Sofradir plans new compound semiconductors and Ulis plans for smart sensors
Sofradir and Ulis are reorganizing in an effort to make their infrared detector businesses more efficient. In order to do so, the new management team will exploit synergies between the cooled Sofradir operations and the uncooled microbolometer operations of Ulis.
Twelve departments are being set up, among them two new ones: Technology & Strategy and Projects & Programs. All of the departments will be common to both the cooled Sofradir and uncooled Ulis businesses. Previously, the Sofradir and Ulis operations had separate groups handling these functions.
Imaging of gas leaks (especially of methane, but also of other gases) has traditionally been done with portable infrared cameras based on cooled InSb and QWIP FPAs. In these, either the FPA spectral response is tuned to the absorption wavelength of the gas of interest or a spectral filter is used in front of it. Alternatively, high-end spectrally selective (Fourier Transform Infrared – FTIR) cameras (also based on cooled FPAs) are used to detect gas leaks with high sensitivity, but at a price premium.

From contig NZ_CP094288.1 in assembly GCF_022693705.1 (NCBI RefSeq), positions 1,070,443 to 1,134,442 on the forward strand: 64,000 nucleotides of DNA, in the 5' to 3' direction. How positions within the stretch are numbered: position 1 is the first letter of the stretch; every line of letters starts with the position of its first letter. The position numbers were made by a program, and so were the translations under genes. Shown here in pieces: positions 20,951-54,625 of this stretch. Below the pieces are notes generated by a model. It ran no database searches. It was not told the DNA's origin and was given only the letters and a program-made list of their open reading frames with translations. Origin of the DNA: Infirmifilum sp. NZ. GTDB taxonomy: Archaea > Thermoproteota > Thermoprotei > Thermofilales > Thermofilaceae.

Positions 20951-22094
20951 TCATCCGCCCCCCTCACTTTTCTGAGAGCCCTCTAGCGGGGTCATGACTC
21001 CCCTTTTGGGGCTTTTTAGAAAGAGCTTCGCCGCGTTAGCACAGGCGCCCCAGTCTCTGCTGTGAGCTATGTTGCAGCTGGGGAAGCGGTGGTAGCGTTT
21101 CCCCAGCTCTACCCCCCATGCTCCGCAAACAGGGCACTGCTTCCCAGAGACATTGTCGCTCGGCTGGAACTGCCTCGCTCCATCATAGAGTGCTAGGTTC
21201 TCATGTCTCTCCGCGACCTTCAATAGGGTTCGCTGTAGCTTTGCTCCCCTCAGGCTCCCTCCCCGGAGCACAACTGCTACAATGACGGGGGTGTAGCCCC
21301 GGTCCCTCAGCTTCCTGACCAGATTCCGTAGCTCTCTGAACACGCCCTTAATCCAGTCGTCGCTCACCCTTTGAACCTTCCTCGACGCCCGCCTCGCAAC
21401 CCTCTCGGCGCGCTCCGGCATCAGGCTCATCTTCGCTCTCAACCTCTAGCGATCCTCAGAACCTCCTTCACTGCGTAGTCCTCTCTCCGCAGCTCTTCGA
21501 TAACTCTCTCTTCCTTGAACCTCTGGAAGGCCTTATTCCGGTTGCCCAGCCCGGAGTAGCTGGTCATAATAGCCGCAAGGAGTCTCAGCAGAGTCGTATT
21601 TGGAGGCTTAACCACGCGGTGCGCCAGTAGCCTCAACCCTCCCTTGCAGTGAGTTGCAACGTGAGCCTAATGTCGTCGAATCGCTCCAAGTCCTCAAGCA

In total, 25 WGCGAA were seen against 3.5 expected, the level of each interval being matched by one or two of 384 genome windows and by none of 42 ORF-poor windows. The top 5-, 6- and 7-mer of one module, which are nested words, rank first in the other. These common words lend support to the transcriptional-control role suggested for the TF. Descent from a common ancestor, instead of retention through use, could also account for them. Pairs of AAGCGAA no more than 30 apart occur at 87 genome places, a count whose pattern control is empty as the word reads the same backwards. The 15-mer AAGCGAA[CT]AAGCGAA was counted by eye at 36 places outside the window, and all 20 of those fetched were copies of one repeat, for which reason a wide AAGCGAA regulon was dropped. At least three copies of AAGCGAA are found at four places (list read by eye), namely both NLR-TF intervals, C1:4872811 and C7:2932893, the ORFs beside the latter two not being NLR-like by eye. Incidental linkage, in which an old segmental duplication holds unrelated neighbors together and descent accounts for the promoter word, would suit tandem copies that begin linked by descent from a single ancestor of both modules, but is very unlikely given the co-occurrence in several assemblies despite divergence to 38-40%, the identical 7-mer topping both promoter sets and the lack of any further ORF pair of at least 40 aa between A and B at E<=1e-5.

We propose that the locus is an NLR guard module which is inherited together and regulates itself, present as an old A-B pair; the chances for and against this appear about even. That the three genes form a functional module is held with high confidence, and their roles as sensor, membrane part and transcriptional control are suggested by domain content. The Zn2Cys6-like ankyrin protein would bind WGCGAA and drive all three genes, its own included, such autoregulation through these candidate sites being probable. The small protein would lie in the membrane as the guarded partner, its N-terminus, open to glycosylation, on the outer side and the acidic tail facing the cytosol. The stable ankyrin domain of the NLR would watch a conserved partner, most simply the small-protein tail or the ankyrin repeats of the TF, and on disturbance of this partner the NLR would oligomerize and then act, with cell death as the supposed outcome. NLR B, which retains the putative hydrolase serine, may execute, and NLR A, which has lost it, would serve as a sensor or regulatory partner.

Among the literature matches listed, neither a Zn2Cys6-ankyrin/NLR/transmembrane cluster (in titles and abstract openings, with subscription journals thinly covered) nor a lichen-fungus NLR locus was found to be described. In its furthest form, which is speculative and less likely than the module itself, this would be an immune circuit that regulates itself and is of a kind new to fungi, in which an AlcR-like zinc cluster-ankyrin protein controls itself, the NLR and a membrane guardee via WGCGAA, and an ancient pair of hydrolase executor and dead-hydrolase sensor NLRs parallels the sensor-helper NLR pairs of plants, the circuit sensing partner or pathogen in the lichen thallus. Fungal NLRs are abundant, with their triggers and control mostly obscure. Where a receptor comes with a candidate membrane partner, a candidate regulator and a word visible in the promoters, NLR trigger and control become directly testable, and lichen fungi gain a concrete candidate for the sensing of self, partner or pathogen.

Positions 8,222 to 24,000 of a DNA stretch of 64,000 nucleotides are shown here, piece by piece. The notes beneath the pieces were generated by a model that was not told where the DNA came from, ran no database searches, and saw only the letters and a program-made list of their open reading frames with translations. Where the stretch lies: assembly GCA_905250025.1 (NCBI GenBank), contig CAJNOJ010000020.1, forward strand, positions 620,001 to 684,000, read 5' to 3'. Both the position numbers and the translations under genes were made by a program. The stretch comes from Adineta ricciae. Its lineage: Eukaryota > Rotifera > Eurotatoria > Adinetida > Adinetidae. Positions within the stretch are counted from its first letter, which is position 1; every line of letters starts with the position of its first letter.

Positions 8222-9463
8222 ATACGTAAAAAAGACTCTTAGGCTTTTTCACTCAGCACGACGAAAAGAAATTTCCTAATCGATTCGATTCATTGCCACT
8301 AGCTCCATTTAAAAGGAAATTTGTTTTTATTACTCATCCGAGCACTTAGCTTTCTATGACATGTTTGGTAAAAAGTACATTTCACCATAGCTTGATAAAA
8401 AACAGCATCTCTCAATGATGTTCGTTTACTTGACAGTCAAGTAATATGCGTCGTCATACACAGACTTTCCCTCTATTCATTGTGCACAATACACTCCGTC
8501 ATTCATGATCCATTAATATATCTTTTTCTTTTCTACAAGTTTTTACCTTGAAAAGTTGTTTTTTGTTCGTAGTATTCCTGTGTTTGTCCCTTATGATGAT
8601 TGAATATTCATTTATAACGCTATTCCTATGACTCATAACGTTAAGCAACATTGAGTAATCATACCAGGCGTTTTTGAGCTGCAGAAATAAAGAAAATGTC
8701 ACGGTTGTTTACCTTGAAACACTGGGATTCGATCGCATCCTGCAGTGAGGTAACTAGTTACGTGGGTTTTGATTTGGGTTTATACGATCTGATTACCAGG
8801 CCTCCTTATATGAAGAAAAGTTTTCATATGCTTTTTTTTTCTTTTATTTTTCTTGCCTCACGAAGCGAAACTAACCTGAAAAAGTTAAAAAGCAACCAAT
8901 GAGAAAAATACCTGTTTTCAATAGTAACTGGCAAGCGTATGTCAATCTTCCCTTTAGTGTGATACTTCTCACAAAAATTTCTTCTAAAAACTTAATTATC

Now, a new generation of innovative uncooled gas sensors are being developed to not just monitor large gas leaks but also act as monitors for small leaks.
Not Just MCT
Overseas IR Detector Companies Expanding U.S. Operations
The Strategy Behind the Move
General Electric’s GE Commercial Finance is taking a 15% minority stake in Ulis, the supplier of uncooled amorphous silicon microbolometers.
Sofradir has been awarded a EUR 3.2 million (USD 4.2 million) contract by NEC Toshiba Space for an infrared detector to be used on the Global Change Observation Mission (GCOM) satellite of the Japan Aerospace Exploration Agency (JAXA).
Sofradir is starting construction on a new Fab near Grenoble that will double its production capacity of cooled infrared focal plane arrays and position the company to supply 3rd Gen FPAs. The new facility will produce mercury cadmium telluride (MCT) FPAs by Molecular Beam Epitaxy (MBE) on 4” germanium substrates (compared to the currently used 2” CZT substrates).